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by Jonathon Scott Fuqua

Pub Date: April 1st, 1999
ISBN: 1-890862-02-9
Publisher: Bancroft Press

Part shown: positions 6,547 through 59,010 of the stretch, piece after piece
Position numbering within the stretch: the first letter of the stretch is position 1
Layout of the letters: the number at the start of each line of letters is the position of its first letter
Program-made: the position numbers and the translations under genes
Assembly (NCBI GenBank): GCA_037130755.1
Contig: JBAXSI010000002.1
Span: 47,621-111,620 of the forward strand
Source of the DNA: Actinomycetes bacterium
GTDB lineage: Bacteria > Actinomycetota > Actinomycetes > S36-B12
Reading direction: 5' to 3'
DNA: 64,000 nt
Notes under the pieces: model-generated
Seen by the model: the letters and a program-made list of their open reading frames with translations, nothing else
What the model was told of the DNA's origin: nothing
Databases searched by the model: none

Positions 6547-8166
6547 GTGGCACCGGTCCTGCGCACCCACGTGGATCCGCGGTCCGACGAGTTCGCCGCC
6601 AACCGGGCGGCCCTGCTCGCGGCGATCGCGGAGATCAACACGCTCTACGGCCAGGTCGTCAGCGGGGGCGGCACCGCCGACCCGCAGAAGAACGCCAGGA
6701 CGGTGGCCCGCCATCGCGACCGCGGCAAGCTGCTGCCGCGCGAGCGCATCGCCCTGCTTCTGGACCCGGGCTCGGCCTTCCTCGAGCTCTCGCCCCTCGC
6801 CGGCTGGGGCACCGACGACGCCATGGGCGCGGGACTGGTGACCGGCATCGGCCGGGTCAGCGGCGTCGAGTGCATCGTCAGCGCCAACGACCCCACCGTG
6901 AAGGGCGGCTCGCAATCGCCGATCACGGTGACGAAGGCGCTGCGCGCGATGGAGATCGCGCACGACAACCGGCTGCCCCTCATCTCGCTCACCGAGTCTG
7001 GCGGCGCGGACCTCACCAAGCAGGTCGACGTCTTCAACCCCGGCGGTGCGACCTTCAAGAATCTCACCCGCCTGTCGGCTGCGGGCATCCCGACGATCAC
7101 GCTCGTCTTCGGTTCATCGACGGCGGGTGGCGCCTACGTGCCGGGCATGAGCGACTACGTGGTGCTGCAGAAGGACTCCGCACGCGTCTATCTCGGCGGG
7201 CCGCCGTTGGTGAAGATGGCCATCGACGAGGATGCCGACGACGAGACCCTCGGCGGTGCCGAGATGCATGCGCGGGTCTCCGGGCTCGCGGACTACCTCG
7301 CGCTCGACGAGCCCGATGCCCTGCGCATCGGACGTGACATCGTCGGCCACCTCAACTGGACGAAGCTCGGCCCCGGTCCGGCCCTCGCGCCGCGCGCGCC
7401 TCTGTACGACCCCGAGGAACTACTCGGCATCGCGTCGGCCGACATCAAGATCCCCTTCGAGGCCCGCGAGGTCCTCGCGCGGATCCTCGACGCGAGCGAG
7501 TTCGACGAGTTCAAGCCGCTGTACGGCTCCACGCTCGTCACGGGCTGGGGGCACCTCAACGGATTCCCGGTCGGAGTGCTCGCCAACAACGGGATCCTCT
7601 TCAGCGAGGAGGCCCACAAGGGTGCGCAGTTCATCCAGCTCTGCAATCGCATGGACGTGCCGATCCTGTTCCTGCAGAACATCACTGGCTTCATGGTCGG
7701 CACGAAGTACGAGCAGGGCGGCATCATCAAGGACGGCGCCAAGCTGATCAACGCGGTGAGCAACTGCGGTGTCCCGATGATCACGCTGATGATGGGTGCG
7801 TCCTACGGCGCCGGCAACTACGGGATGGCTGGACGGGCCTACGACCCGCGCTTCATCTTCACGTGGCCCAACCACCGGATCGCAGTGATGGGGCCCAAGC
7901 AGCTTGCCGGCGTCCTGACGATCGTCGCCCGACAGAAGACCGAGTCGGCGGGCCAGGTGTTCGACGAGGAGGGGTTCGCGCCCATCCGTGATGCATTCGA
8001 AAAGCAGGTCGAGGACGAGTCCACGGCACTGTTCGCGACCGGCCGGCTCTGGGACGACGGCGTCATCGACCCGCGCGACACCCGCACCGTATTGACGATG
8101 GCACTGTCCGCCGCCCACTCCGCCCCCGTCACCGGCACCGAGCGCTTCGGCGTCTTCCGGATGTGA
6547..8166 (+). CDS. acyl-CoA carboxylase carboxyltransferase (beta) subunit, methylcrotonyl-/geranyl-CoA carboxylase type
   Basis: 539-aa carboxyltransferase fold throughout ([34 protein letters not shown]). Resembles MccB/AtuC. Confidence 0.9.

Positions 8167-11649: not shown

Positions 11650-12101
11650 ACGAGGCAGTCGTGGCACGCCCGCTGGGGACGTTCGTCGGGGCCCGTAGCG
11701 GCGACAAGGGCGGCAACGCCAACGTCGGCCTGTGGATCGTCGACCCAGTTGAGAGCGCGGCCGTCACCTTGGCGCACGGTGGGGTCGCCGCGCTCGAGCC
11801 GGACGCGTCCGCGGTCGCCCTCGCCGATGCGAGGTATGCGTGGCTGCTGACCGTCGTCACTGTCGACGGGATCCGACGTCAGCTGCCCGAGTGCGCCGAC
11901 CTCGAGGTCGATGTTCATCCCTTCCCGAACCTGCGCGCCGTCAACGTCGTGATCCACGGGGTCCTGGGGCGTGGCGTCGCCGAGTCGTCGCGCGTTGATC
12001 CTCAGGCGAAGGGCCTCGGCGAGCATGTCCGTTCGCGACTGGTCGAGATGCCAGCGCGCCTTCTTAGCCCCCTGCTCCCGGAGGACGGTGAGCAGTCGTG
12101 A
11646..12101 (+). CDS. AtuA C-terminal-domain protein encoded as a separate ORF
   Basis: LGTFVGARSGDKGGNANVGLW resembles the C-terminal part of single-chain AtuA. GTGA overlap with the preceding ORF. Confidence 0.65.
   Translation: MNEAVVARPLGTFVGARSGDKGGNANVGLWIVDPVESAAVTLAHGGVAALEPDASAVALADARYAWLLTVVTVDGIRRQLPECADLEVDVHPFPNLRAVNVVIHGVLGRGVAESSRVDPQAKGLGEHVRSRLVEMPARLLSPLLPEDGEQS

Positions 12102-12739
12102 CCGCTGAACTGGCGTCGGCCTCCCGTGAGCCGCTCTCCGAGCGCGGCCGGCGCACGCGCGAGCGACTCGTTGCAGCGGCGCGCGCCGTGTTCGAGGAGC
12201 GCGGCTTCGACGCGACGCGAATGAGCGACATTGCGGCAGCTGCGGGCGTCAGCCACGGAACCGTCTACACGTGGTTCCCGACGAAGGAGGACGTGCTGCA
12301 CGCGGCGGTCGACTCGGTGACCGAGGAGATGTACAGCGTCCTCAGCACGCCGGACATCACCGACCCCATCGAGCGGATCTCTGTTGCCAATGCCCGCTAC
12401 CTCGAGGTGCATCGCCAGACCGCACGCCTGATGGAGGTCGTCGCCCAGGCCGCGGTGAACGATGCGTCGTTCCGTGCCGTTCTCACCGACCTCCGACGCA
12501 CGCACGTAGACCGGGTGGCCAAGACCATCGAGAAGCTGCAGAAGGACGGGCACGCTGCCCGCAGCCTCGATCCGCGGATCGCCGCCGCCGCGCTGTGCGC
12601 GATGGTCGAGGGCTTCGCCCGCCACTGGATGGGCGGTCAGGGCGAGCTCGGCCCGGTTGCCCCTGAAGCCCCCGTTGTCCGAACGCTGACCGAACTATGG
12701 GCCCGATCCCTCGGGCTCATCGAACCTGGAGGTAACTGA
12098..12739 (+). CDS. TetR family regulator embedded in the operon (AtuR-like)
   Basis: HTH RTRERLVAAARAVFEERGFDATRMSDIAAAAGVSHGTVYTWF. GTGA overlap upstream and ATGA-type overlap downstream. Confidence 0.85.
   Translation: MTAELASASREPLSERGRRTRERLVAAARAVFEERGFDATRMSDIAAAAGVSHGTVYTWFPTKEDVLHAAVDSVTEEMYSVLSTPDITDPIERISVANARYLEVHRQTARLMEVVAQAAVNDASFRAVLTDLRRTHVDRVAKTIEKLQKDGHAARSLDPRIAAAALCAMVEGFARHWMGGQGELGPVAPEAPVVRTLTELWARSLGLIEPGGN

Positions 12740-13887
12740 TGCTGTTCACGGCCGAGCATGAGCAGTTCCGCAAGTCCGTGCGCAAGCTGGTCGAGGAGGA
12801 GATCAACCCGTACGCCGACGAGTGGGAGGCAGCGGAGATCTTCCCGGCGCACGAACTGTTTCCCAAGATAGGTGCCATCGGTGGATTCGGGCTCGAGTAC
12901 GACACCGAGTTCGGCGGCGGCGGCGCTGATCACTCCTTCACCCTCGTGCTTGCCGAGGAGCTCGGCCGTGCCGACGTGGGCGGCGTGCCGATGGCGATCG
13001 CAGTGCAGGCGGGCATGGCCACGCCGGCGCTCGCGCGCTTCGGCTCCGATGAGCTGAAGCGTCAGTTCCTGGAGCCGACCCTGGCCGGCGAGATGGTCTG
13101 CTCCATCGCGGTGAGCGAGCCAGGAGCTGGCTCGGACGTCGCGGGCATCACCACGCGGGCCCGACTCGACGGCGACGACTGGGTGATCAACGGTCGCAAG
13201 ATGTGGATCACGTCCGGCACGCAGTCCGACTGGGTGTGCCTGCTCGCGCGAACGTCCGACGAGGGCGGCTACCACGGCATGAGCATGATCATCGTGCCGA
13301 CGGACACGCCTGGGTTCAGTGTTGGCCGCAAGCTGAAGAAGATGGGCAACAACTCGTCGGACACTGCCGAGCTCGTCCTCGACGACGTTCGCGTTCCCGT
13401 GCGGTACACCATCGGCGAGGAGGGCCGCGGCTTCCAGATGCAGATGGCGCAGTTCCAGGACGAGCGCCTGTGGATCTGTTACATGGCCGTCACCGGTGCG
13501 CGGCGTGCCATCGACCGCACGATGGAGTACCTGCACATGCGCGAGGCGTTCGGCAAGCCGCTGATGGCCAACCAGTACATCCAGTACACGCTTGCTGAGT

A year in the life of a Baltimore boy provides the basis for a formidable portrait of urban American life. Eleven-year-old Sam Webber, usually known as Little Sam, abruptly becomes just plain Samuel when his father disappears without a trace. Hoping he was kidnaped (abandonment is the far more devastating, though likely, explanation), Sam is traumatized further by the move his mother’s forced to make from their pristine middle-class neighborhood to a rough area of town. A closet in their new home becomes the TV room, and Sam watches rain pour in through a leaky kitchen window. Completing the transformation of Sam’s old life to new is his attendance at an unfamiliar school full of bullies, pregnant teens, and, miraculously, Greely. A black janitor at the school, Greely notices Sam’s distress—the constant hyperventilation, the nausea, his obvious fears—and befriends the boy in a way that alters him profoundly. Greely tells Sam about the civil rights movement, tosses a football with him, takes him to the Little Tavern for burgers—in short, becomes a surrogate father. Others slowly fill the shoes Sam’s father left empty: His mother’s new boyfriend Howard, sharing comic books and companionship; and Junie and Ditch, his mother’s employers at the flower shop. In Sam’s second Baltimore, a skinned, gritty version of what he once knew, he comes into his own, no longer afraid of dirty streets or gangs of kids and slowly accepting the loss of his father as he learns to depend more on himself. Although his father never returns, others love and nurture Little Sam, leading to the emergence of a Sam who is less troubled. A warming exploration of fairly routine material, made attractive by newcomer Fuqua’s depiction of city life. (Author tour)